“Tell me, what is it you plan to do with your one wild and precious life?” – Mary Oliver, Poet
Some months ago, on a business trip to Florida, I had one of the best long-haul flights of my life. How come? It wasn’t the food, as good as that was. It wasn’t the service, though that was ace. It wasn’t even that this particular Boeing plane had one of the best flat-beds in the sky. What was it then? Well, after what had been a pretty intense and busy few weeks, I got to do some of my favourite things – read a book and write in my journal.
“Is that it?! What’s so amazing about that?” I hear you ask. Well, here’s the thing, not only was I making time for a bit of self-renewal, the book I was reading and journaling about was the New York Times Bestseller by Greg McKeown, Essentialism: The Disciplined Pursuit of Less. Few books have had such a profound impact on my thinking since the day I read Stephen Covey’s ‘The 7 Habits of Highly Effective People’ in my teens.
In Essentialism, Greg sets out the premise that doing less but better is the key to maximizing our impact and success. This is more challenging than most people and organisations think. It’s certainly a major challenge for me.
I’ve got a very busy life. I’ve got a job I love, working with an amazing team of talented individuals, helping global clients maximize their performance and growth through engaging and developing their people and their leaders. It’s demanding, but I relish the day-to-day opportunity to do incredible work. I’ve got an amazing wife and three exuberant boys, all with equally vibrant schedules. I’ve got extended family that I want to connect with, friends to hang out with, and other hobbies that I strive to squeeze into my schedule and maintain some sort of balance in my life. Oh, and did I mention that my wife and I recently moved house? That brought with it its own host of challenges and decisions. What area? What school? Was this the right time to move our boys? The list goes on. As I consider the busyness of my life as a whole, I have come to realise and accept that I can’t do it all. I’m going to have to make trade offs. And this is where Greg’s book provides terrific insight and guidance on how to make those trade offs with intentionality and with wisdom.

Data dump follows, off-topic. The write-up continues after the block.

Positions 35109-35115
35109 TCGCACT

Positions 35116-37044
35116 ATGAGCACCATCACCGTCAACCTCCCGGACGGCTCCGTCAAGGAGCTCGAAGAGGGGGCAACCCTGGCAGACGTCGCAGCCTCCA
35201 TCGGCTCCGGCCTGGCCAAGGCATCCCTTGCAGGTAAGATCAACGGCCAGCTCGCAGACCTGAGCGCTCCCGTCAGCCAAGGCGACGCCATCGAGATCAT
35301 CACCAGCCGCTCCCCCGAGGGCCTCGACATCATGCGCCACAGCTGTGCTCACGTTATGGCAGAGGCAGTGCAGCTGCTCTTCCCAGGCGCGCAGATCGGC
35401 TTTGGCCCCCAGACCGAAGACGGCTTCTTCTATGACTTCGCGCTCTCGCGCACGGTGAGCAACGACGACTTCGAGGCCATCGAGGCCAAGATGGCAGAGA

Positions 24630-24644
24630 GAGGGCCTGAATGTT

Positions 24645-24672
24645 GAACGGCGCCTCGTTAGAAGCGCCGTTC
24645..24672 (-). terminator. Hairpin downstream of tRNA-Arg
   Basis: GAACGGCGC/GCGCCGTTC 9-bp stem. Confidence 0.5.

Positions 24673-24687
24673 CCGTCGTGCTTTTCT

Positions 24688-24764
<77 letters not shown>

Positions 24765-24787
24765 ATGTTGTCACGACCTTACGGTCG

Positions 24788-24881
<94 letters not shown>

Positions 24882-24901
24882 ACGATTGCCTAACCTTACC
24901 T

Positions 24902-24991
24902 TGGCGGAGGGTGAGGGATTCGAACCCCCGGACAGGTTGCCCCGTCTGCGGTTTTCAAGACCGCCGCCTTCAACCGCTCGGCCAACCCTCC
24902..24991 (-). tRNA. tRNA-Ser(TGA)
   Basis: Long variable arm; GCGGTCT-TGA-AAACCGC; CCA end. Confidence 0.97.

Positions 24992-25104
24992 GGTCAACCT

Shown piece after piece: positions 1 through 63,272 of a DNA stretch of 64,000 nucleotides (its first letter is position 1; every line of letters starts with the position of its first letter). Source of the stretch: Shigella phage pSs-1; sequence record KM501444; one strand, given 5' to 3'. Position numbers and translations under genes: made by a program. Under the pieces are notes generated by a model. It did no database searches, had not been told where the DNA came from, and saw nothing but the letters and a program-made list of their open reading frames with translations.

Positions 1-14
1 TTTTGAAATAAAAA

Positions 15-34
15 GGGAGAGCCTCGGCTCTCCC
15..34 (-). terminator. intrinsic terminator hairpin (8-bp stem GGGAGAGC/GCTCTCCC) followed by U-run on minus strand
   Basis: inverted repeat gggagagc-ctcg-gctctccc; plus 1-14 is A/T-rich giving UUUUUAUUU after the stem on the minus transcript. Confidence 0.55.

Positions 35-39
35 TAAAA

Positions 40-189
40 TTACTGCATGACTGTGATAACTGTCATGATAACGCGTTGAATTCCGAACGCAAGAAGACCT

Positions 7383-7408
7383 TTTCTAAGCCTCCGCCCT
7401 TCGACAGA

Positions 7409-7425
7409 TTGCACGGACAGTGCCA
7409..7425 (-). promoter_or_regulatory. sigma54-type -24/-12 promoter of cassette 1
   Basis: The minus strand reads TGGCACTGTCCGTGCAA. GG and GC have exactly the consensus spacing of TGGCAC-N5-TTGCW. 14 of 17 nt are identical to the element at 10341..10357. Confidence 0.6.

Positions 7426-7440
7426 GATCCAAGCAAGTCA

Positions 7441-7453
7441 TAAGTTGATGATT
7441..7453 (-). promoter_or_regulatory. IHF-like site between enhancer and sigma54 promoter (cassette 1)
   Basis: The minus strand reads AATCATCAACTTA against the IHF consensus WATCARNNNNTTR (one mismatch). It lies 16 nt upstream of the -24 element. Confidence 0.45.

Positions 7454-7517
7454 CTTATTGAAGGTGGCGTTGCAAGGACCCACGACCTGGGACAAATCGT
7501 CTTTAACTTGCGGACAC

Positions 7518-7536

Every day we make decisions about what to focus on and where to invest our time, energy and resources. This applies to individuals and organisations alike.
“Diversify our product offering or simplify our existing products?”
“Chinese or Italian for dinner?”
“Open the new office in New York or Milan?”
“Spend time with the kids or work late?”
“Tidy the house or pay a cleaner?”
What makes things really interesting is that our decisions always require trade offs and this is why it is so important to be crystal clear about what matters most. Or, as Greg puts it, what is Essential. The danger, otherwise, is that we end up fitting so many things into our schedules or pursue a variety of organisational strategies and miss out on what is great and what will truly have an impact.
The key to being an Essentialist, Greg describes, is in the relentless pursuit of less but better.
For an organisation, that means asking, “Where can we add value like no other?”, and following through on the answer to truly drive and sustain their organizational growth and enhance their reputation in the marketplace.
On a personal level, that means asking myself the question, “What is it that only I can do?” Only I can be a loving husband to my wife, or nurturing father to my boys, or set out and role model a clear vision of excellence for the team I lead. Asking that question helps me work out what to delegate or even eliminate from my to do list or schedule altogether.
Why is any of this relevant?
In a world where being busy is a badge of honour and there’s always more on the to do list than can ever be accomplished, or more potential strategies than can ever be pursued, it turns out that the secret to success, operating at our highest point of contribution and having the greatest impact, is not cramming our schedules with even more or trying to do it all or trying to be all things to all potential customers. The secret is doing less not more, less and better. Not an easy feat, but one we must master if we want to maximise success, organisationally or personally.
So, on a personal level, what do you need to do to become an Essentialist?
Personally, here are some of my takeaways from reading the book:
- Schedule a personal quarterly retreat to review my life plan and update goals for the next quarter
- Live a life true to the voice within
- Pause before saying “Yes” and say “No” more often, firmly, resolutely and yet gracefully
- Recognise that with every decision I’m making a trade off
- Consider what I want to go big on – where do I want to hedge my bets?
- Build thinking and reflection time into my schedule – with key questions to support
- Realise that respect is far more valuable than popularity in the long run
- Practice extreme and early preparation, including 50% time buffers
I’m looking forward to reaping the benefits, personally and professionally. I hope you take up the challenge of becoming an Essentialist too!